4. Lack of sustainability
People tend to think of ITSM as project that has a 'start date' and an 'end date'. And while this may be so from the vendor's perspective, it shouldn't be the way the organisation views ITSM. It should be viewed as a continual journey, or lifestyle, that needs to adapt and evolve along the way like any other aspect of business. In fact, when the vendor is finished and has left, the ITSM 'project' has only really just begun for the organisation.
ITIL is a framework that needs to be 'adopted' by the organisation, rather than merely 'implemented'. Its over-arching goal is sustainability, so it needs to entail a change in the way the business is run. And this is why knowledge transfer is so important in the implementation phase.
Organisations are often left at a loss over 'what to do next' once the vendor has left - a result of insufficient training and advisory on the vendor's part.
5. Insufficient understanding of business needs
An ITSM project that does not adequately address a business' needs is simply a failure. This shortfall is common when vendors do not give partial responsibility to the business in the recommendation phase. A service provider will never understand the client's business to the extent that the client understands it, and as such, service providers should insist that the client is proactive in the planning phase of the project.
6. Gap between business and IT
The infamous great divide between business and IT is another pitfall in many ITSM implementations - ironically, because bridging this divide is precisely what ITSM is about. And this refers to more than the fact that business and IT are traditionally separate departments within the organisation - it refers to often completely different 'types' of people, and different ways of thinking. As mentioned, for ITSM to be a success it requires good management and a well-structured plan in addition to the technology that enables processes to run smoothly. As such, responsibility for the success of ITSM must be shared between the business side and the IT side of the organisation, and driven from executive level. It is a mistake to think of ITSM as merely 'another IT project', and doing so is often the root cause of many of the problems outlined above.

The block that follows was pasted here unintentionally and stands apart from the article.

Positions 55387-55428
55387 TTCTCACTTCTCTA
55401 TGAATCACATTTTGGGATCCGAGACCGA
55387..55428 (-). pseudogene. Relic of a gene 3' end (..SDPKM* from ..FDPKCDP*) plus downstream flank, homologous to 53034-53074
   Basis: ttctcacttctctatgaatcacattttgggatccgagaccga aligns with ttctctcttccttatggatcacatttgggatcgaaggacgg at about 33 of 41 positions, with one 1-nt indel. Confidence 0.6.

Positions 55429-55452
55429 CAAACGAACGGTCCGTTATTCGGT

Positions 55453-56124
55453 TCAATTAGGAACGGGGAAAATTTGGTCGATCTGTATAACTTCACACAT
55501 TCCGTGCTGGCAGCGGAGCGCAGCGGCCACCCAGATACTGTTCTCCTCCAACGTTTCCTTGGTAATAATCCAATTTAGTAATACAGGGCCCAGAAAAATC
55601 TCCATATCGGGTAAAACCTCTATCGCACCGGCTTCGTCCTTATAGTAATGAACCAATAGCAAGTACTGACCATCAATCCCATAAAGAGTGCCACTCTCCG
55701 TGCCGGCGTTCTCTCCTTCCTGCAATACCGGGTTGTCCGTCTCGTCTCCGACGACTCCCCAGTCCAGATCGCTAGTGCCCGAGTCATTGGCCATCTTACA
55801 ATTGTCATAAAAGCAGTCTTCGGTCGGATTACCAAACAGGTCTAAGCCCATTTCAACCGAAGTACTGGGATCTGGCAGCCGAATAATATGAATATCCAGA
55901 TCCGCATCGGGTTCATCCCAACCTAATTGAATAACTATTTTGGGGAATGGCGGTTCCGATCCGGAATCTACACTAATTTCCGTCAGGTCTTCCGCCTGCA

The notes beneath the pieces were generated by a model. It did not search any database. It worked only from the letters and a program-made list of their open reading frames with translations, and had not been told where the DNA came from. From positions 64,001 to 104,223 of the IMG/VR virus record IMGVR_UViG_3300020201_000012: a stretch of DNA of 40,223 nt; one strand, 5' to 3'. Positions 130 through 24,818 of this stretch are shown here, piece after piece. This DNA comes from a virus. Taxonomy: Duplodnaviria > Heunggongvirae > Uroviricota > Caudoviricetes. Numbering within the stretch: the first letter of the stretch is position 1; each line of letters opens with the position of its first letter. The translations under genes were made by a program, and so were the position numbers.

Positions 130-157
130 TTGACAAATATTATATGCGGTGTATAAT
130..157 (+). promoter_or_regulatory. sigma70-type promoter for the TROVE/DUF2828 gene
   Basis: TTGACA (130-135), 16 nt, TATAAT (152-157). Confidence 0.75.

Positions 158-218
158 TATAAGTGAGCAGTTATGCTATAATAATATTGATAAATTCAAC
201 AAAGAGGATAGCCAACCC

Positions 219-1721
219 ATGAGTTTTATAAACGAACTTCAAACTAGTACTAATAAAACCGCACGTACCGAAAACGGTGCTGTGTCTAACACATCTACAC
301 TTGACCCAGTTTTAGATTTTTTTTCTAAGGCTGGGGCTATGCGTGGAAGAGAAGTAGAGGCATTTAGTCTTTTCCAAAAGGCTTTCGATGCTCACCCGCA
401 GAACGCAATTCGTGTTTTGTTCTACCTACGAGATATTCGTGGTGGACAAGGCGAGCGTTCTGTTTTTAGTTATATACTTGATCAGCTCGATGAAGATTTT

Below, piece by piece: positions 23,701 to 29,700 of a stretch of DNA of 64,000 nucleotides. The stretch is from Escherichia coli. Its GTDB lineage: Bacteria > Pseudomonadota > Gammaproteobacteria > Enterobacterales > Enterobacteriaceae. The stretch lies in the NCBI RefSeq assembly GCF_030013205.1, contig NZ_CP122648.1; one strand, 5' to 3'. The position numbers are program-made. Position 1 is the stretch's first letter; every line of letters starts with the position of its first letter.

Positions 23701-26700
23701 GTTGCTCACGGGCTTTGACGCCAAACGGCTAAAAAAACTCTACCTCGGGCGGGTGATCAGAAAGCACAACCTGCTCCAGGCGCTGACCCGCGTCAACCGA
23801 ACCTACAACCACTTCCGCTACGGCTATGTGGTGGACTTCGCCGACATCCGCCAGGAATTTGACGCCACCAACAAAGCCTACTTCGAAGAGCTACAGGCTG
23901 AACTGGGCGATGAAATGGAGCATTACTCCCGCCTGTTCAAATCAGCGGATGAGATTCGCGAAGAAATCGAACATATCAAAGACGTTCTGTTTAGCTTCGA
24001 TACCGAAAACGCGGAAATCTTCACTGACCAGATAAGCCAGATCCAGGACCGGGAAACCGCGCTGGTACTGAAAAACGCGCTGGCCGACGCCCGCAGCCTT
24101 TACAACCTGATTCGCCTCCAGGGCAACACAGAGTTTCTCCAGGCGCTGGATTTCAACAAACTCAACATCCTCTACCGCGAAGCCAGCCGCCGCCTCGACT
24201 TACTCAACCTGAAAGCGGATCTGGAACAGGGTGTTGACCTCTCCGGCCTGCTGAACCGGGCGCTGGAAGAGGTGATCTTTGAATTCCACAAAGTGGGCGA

ITSM should be viewed as a continuous improvement programme, and this involves a change in mindset for many organisations. It's relatively simple to see that because it underpins the businesses prime directive, it should be viewed in this way, yet this is often not the case. All levels of the organisation need to be made aware of the core purpose of the programme - that is, to improve service - and their roles should be explicitly linked to this purpose.
ITSM projects create valuable opportunities to strengthen the vision of the 'common goal' across all levels of the organisations, and to revive the sense of purpose that is so often missing in the day-to-day lives of employees.
To end off, the cultural mind shift that needs to happen when it comes to service management is best exemplified by a janitor at NASA at the beginning of the Apollo mission project who, when asked what he was doing, replied, "I'm helping to put a man on the moon!"
Business News Sector Tags: Infotech|